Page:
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Sunday, 1 April 2007

Bird of Paradise (1932) King Vidor

Here's about the most perfect example of complete nonsense I've ever seen in film that has the one redeeming factor of somehow still somehow entertaining for no reason that I can define. Johnny Baker, in the manly form of Joel McCrea, is travelling around the South Seas with a bunch of rich idiots, when they come upon a new island populated by what seem at first glance to be friendly natives. While the crew are busy throwing their alarm clocks into the ocean for no apparent reason, Baker gets to be active and try to catch the newly arrived shark. He gets caught up in the line instead and so takes a tumble into the water but is quickly rescued by a beautiful native girl played by Dolores del Rio, the most beautiful woman in pictures at the time.

She gets to dance around a lot and swim about a lot but not get touched by anyone because she's sacred and is to be married to a local prince. Baker is going native though very quickly indeed so that he looks and sounds far more like Tarzan than Joel McCrea and he carries her off to Paradise Island, not wondering about why the rest of his party has just sailed back off into the sunset. Luana, del Rio's character, gets to carry on looking beautiful in her immaculate native makeup, while Baker builds them a house. She is a pretty good spear fisher though, it seems, while he can climb the trees and throw down coconuts.

There's another real character in the film beyond Baker and Luana, and that's Pele the volcano god who must be fed a sacrifice in order to dissuade her from being so violent. No guesses as to who the sacrifice is supposed to be. You see, life isn't all about chasing wild pigs, wrestling turtles and catching flying fish with a tennis racket. It's about having your stolen girlfriend fed to the volcano god. There are plot holes everywhere you look here and nothing makes any sense at all, but it all looks fine and even the underwater scenes are shot very well. It's also embarrassing in the way the western civilised folks deal with the natives.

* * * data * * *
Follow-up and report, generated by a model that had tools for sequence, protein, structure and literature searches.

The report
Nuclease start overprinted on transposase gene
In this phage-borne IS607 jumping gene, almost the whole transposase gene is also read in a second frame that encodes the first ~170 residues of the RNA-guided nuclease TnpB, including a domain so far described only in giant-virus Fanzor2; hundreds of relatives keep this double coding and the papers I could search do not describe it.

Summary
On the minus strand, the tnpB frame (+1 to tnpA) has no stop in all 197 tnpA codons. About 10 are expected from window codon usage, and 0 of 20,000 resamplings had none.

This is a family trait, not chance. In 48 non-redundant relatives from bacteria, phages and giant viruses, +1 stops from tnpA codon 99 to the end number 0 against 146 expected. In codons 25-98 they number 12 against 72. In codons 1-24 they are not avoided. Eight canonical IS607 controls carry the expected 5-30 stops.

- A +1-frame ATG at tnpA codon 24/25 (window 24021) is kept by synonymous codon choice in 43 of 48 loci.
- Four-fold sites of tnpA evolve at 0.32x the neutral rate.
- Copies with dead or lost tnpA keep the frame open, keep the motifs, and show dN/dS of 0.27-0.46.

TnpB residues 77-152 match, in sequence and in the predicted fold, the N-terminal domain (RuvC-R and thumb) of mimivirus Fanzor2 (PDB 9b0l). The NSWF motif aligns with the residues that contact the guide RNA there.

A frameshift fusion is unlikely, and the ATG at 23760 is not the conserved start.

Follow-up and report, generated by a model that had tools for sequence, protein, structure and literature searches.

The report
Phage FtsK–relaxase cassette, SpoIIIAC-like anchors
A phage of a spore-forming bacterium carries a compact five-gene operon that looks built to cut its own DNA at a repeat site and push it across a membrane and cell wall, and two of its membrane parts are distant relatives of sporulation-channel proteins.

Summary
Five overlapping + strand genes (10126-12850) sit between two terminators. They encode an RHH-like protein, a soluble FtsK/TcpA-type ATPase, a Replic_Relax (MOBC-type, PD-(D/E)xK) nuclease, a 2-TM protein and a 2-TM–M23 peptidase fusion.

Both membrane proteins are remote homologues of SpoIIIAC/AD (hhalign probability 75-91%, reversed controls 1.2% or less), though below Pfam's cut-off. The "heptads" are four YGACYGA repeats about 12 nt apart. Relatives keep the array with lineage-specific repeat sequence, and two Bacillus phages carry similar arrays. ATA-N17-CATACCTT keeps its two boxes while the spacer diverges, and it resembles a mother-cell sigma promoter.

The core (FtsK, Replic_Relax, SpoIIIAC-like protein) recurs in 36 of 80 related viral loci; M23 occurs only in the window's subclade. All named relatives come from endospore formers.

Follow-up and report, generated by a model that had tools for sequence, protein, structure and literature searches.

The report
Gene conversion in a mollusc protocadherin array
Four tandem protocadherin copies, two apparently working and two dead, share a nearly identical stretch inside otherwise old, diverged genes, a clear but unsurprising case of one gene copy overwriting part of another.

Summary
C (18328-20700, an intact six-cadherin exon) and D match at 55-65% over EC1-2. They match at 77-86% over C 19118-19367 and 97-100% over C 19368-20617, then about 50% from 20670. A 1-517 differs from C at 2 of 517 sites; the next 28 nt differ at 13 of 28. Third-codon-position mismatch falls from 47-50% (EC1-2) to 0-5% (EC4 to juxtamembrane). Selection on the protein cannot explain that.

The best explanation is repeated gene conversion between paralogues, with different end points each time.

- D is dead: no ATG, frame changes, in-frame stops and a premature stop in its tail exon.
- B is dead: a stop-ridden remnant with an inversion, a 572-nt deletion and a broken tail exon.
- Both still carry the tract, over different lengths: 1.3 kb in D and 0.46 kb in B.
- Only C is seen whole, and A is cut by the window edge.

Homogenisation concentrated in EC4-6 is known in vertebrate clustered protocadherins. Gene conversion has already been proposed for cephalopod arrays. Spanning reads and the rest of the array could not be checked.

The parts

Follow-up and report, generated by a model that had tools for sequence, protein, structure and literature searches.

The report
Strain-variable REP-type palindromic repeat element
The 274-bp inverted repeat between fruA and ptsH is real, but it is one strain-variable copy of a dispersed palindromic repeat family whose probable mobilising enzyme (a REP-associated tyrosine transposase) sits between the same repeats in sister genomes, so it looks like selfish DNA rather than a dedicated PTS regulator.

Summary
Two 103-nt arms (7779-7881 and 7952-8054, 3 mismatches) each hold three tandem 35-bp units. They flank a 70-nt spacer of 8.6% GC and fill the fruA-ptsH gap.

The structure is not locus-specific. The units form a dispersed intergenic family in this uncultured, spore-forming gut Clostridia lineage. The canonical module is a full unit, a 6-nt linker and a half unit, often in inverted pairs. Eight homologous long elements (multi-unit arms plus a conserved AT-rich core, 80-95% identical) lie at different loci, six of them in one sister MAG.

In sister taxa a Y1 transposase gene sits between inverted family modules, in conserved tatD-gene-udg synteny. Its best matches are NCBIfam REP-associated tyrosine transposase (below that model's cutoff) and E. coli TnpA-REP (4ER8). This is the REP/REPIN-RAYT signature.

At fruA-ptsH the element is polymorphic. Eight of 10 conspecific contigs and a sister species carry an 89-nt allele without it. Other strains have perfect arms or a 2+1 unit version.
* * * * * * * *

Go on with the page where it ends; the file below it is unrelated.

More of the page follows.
To be honest, there's so little dialogue here, and what there is makes so little sense, that it would have been much better as a silent film. That's backed up by the fact that this was the very first sound film to have a complete symphonic score. McCrea and del Rio are the only two names here, though I watched out for and failed to find Creighton Chaney, who hadn't yet become Lon Chaney Jr and was still further away from becoming just Lon Chaney to further capitalise on his father's name. He was in here somewhere, as a character called Thornton, but I couldn't find him.

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